Paul Boutin has a nice piece in Slate about the new Centrino, and the rise of Wi-Fi. Partly to see what all the fuss was about, partly to do a little technological ethnography myself, and partly because I sometimes just need to geek out, a couple weeks ago I set up a base station in my office, and bought a card for my laptop. Since my office looks out over a couple picnic tables, this means that I can go outside and still be online– an appealing prospect here in California. Last week, I got a new PDA, and chose it largely on the basis of it having WiFi capability. (It also plays MP3s.) So what’s my experience?
The short answer is that I love it, and am already frustrated by its limitations.
First of all, WiFi feels like a clunky prototype of the future. Not the technology itself, but rather the practices it enables. Being able to access the Web, or your e-mail, on the road will change social practices as much as cell phones have. The most important thing is that it’ll enable all manner of real-time, place-specific forms of information retrieval and creation: we’re already starting to see this with moblogging, but it’s got huge implications for travel (what’s that plant? what’s that painting?), shopping, emergency services, etc.. WiFi offers a tiny sense of what ubiquity is going to feel like, and it’s going to be cool. (Another way of putting it is that WiFi will create a level of familiarity with wireless Internet access that will raise the demand for mobile services and content.)
It’s also going to drive Internet access off the desktop, and onto other devices, like my PDA. This in turn will increase the pressure on the WIMP interface, and encourage people to develop new kinds of interfaces that you can access while walking down the street, or operate on the margins of your awareness.
The fact that Wifi is available only in highly localized areas– there’s a reason they call it “hot spots”– is rapidly becoming a real irritation. Why can’t I get online at [insert random location], I grouse, even when I’ve never EVER needed to check my e-mail, much less surf the Web, at that location. It also makes me appreciate those places that do have WiFi access even more.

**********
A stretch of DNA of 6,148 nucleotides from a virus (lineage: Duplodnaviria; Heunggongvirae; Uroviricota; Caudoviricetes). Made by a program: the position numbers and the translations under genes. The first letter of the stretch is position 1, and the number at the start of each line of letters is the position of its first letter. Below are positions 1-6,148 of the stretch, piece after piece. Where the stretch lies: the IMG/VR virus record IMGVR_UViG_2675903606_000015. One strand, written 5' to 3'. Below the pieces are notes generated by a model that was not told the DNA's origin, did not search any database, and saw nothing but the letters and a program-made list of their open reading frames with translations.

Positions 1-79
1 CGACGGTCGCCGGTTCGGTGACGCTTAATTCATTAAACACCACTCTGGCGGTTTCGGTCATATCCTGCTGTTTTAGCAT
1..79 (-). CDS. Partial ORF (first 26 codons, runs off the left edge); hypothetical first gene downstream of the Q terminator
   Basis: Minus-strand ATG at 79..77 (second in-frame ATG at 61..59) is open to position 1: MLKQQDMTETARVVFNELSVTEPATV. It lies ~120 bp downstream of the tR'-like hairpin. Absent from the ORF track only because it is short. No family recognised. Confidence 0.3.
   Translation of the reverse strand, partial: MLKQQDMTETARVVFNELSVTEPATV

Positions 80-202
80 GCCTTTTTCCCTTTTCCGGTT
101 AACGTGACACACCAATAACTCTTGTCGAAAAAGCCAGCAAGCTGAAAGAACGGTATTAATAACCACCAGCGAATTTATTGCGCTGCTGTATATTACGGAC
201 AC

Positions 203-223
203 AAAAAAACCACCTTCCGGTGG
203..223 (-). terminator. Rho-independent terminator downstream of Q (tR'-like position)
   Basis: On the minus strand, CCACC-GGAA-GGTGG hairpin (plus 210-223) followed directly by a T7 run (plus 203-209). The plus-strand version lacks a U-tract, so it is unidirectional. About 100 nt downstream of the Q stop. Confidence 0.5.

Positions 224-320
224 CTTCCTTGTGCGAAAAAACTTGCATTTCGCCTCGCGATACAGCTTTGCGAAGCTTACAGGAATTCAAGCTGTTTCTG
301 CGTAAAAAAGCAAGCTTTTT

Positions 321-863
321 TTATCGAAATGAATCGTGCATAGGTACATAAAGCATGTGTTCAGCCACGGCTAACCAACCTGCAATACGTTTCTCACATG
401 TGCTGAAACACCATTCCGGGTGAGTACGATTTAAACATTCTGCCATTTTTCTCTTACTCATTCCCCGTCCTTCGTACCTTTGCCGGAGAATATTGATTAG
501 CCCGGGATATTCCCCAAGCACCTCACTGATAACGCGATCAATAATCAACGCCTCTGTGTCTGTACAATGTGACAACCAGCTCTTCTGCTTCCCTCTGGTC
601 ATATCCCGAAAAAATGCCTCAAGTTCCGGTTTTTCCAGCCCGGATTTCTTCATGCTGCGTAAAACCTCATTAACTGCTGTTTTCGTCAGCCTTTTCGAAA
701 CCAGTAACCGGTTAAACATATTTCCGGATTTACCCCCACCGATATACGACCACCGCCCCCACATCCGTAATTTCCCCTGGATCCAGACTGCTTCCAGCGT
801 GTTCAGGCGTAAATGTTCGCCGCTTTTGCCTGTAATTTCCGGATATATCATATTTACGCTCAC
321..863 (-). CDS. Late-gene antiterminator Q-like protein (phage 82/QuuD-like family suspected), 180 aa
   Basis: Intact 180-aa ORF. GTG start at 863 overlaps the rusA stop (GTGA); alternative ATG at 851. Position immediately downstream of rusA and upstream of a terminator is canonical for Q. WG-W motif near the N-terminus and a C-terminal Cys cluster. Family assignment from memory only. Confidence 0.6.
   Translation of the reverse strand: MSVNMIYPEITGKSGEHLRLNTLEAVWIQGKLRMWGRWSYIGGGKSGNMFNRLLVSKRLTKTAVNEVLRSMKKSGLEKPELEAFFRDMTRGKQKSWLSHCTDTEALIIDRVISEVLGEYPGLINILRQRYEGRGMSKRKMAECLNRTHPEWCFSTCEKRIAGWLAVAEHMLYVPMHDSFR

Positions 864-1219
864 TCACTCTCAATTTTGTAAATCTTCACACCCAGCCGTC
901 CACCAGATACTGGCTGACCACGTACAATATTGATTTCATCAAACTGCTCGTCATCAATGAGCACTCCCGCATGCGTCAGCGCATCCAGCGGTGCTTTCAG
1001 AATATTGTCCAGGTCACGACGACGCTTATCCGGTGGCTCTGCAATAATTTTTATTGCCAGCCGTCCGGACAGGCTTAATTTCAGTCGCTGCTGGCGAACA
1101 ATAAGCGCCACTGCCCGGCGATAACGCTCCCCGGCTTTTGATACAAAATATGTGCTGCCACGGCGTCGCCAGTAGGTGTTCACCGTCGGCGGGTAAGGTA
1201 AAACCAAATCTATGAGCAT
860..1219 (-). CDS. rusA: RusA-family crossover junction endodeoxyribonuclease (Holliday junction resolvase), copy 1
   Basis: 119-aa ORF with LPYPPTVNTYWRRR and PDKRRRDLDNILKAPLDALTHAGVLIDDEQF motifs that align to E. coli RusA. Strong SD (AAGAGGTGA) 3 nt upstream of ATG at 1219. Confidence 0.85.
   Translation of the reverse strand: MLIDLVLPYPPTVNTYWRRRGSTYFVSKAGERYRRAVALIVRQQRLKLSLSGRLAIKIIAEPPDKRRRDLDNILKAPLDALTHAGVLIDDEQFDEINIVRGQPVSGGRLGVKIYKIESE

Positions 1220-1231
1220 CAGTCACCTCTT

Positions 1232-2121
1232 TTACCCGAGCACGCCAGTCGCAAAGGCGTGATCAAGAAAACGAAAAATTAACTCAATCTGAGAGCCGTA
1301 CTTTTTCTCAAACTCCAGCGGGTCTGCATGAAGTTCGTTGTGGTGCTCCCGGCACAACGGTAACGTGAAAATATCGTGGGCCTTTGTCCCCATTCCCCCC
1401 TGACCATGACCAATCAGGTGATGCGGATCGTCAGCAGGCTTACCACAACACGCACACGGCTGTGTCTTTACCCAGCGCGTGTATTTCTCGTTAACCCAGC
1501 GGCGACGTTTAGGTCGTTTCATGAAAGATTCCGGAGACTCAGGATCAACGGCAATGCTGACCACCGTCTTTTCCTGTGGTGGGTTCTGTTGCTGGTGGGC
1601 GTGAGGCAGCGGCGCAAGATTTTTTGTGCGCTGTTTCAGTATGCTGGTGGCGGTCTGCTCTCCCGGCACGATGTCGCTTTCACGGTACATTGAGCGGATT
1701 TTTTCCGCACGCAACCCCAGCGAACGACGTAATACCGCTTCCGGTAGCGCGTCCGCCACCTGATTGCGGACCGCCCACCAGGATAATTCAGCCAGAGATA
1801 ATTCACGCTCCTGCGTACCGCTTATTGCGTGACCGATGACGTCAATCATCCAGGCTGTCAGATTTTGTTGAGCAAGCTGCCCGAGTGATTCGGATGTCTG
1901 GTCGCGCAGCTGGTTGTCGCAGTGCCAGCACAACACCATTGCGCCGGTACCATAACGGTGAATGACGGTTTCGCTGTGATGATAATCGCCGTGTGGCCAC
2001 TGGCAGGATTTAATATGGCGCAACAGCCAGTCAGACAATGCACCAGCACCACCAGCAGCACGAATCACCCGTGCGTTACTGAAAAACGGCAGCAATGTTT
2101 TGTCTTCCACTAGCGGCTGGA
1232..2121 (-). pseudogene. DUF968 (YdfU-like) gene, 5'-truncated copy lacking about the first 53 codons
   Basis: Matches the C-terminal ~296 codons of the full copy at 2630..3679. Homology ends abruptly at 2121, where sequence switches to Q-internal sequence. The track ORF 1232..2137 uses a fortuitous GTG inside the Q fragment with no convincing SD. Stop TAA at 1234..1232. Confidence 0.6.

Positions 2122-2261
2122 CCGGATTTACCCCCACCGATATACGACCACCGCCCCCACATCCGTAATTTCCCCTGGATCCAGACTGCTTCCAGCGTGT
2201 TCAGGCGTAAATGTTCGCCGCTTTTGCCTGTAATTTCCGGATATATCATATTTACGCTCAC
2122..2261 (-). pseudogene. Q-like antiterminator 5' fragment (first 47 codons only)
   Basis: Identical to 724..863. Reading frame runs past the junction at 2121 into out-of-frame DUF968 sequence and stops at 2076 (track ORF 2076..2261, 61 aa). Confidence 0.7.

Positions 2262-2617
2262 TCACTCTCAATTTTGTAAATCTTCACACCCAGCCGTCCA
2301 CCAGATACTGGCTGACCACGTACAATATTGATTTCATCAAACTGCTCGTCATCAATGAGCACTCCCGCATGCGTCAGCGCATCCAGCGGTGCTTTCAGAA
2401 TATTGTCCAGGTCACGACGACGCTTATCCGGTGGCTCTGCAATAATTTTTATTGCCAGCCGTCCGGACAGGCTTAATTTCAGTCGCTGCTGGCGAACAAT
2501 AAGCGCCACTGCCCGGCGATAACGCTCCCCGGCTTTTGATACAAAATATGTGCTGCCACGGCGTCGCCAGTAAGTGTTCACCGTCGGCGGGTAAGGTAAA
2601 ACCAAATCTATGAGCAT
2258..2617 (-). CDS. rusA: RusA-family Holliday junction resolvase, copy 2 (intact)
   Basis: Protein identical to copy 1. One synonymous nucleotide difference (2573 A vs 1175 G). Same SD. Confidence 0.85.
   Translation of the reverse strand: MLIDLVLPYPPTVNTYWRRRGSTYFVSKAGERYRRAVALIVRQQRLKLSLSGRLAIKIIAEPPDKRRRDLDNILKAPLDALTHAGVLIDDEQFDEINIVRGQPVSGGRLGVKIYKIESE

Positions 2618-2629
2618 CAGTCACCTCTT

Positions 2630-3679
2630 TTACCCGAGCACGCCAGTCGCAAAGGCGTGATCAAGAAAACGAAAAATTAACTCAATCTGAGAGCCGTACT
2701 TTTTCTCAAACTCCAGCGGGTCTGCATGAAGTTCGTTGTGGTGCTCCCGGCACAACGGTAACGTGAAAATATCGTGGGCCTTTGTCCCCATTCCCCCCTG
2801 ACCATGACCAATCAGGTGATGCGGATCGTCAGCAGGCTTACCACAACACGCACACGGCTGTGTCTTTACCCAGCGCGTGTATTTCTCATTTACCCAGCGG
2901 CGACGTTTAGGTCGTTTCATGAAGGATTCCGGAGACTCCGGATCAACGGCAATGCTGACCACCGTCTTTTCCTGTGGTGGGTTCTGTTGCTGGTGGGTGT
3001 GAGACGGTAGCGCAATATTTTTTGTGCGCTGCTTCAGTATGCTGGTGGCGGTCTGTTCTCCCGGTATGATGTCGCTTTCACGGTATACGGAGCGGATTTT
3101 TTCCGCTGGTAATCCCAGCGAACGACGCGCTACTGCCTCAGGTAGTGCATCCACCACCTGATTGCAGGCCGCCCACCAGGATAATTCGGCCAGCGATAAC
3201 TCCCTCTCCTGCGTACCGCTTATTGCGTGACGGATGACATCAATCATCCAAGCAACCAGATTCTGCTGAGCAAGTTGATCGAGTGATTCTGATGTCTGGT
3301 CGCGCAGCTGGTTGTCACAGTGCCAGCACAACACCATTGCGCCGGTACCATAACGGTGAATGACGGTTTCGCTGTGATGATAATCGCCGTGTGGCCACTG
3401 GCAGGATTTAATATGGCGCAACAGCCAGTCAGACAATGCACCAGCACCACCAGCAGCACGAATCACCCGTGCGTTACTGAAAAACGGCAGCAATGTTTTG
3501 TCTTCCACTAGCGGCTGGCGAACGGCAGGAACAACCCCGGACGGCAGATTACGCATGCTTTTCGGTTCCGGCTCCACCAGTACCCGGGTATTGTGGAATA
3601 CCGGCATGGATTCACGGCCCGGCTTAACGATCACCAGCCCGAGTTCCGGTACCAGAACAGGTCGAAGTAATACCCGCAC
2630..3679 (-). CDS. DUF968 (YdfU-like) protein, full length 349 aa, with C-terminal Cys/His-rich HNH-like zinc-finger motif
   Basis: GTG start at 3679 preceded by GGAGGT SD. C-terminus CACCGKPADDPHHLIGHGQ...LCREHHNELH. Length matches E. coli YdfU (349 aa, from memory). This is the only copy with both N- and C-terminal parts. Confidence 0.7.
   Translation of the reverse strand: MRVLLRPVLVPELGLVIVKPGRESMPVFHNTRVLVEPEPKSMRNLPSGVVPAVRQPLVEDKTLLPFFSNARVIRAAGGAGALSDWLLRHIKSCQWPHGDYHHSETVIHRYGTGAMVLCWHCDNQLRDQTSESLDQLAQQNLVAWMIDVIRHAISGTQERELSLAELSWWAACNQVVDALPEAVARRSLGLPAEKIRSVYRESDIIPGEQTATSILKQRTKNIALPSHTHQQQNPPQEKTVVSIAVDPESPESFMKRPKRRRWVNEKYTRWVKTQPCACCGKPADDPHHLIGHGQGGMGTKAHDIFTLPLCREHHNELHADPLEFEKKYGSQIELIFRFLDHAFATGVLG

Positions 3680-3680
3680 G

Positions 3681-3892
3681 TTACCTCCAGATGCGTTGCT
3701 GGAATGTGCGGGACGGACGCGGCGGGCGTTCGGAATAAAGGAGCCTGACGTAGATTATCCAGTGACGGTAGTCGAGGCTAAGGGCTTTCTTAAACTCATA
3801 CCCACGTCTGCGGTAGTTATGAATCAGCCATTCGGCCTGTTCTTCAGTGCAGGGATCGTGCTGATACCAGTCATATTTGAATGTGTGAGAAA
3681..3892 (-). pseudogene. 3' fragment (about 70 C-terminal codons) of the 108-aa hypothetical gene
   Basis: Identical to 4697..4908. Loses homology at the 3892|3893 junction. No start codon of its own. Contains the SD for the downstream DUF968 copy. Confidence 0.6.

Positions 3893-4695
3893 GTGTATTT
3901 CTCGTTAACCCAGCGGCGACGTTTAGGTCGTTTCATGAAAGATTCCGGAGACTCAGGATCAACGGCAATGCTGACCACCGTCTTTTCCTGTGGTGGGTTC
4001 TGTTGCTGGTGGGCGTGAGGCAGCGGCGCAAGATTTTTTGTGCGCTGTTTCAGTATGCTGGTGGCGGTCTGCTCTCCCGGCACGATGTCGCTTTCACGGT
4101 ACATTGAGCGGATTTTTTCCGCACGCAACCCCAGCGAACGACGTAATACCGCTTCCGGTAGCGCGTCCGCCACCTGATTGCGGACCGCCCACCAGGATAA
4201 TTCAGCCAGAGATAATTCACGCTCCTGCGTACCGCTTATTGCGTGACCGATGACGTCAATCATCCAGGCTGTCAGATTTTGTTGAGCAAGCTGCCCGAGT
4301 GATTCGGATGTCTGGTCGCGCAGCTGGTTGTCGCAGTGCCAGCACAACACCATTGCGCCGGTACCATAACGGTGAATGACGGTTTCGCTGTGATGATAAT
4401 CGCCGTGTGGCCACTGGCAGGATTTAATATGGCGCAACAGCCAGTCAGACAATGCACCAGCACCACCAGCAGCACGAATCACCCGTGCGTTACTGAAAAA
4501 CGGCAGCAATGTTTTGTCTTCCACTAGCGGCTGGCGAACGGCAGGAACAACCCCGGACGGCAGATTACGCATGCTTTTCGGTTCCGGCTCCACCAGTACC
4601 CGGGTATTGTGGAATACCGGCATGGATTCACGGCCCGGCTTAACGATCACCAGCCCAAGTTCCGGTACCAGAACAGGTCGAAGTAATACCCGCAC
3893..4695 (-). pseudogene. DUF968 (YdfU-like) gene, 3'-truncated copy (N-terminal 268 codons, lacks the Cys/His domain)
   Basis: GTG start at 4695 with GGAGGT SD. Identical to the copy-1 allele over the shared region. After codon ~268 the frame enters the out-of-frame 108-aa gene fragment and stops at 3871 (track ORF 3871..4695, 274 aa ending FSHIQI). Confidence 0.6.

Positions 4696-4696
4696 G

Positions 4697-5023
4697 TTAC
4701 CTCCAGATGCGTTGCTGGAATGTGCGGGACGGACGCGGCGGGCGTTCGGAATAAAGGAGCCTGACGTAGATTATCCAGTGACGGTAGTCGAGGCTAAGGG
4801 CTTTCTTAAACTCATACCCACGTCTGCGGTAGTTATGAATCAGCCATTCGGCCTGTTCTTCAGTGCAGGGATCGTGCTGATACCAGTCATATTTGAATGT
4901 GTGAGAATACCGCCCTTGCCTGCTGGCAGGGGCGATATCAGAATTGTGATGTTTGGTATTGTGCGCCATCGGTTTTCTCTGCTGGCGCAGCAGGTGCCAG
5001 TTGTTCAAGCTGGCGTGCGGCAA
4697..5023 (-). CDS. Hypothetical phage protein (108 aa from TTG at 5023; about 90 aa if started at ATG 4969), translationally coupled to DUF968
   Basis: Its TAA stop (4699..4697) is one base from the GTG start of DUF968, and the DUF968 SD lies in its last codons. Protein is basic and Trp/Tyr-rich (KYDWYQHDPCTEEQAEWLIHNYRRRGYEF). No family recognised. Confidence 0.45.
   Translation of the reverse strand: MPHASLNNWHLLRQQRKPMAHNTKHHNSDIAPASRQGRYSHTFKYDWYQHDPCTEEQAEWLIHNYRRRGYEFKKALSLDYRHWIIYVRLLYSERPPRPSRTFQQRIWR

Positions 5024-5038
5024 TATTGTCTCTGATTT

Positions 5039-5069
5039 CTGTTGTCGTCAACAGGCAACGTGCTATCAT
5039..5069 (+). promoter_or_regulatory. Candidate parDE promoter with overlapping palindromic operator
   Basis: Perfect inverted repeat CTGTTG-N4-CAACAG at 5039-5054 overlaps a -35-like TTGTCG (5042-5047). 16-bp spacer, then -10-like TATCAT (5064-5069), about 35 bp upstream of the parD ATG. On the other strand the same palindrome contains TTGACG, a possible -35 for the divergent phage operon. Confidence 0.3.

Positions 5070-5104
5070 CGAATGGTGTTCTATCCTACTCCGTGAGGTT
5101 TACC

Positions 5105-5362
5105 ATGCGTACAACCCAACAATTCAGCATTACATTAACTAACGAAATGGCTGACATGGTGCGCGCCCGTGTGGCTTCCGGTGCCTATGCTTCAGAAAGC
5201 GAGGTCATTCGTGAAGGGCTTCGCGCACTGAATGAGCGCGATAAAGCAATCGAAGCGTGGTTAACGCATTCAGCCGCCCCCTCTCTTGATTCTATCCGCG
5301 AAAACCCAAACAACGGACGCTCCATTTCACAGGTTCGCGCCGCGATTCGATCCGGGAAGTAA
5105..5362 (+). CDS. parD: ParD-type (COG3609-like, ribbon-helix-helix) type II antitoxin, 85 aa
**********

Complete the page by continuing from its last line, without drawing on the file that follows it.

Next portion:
Then there’s the problem that even if you have the technology, access isn’t particularly easy to set up: everyone has proprietary systems that require different setups, passwords, accounts, etc.. Thus Starbucks teams up with T-Mobile to offer WiFi in its cafes, Wayport partners with a different set of cafes, etc.. Clearly the idea at present is to use hotspot access to build loyalty to particular franchises or places: once you’ve got a T-Mobile account, you’re less likely to stray to Le Boulanger. A sensible idea from the providers’ point of view, but a terrible one from the users’: even a very big network is still restrictive, and it dims the appeal of WiFi to have to stay in particular places to use it.
If the technology is really going to take off, we need a different access model: one in which, say, services allow for roaming onto each others’ networks, with some additional charge (like getting money from another banks’ ATM machine). Better yet would be for stores to treat WiFi like the bathroom or overhead lights: something that you just provide for customers’ convenience, with the understanding that customers will buy something for the privilege of use.
Still, I’m enamored by the technology. The other night Heather asked me, “How long will it be now before we have to get a wireless network here in the house?” I answered, “What time is it now?”
Finally, it’s a really good example of how we have to pay attention to ergonomics and practice to understand the implications and uses of technologies. Too many futurists will look at a Moore’s Law-like curve, listen to a Media Lab talk, and from that extrapolate an Amazing New Future. But as Herbert Dreyfus argued in “On the Internet,” there’s an irreducibly physical quality to our processing of information, and our interactions with the world. He meant it in a more philosophical sense, but the degree to which you can carry a device around, use it easily, refer to it while holding a polite conversation, and not have it be too disruptive of your social interactions, plays a big role in shaping how it’s used.
For example, take the use of computers in the classroom. This is one of those things that everyone seems to agree is a good thing; it’s also become an easy way to place schools on one or the other side of the Digital Divide. BUT: what happens to a class when it’s got a bunch of computers in it? The students end up spending more time dealing with the computer than they do with each other; the bulkiness of the machines, the noise of the fans, the distraction of the screen, all conspire to draw attention away from the class and toward the machine. Certainly computer literacy is important; but the ergonomics and dynamics of conventional computers make them poor accessories for a classroom. I think the situation will be very different in a dozen years, when students can bring in a few sheets of digital paper or a cheap pad computer: technologies like those hold the promise of being no more distracting than today’s books and notes.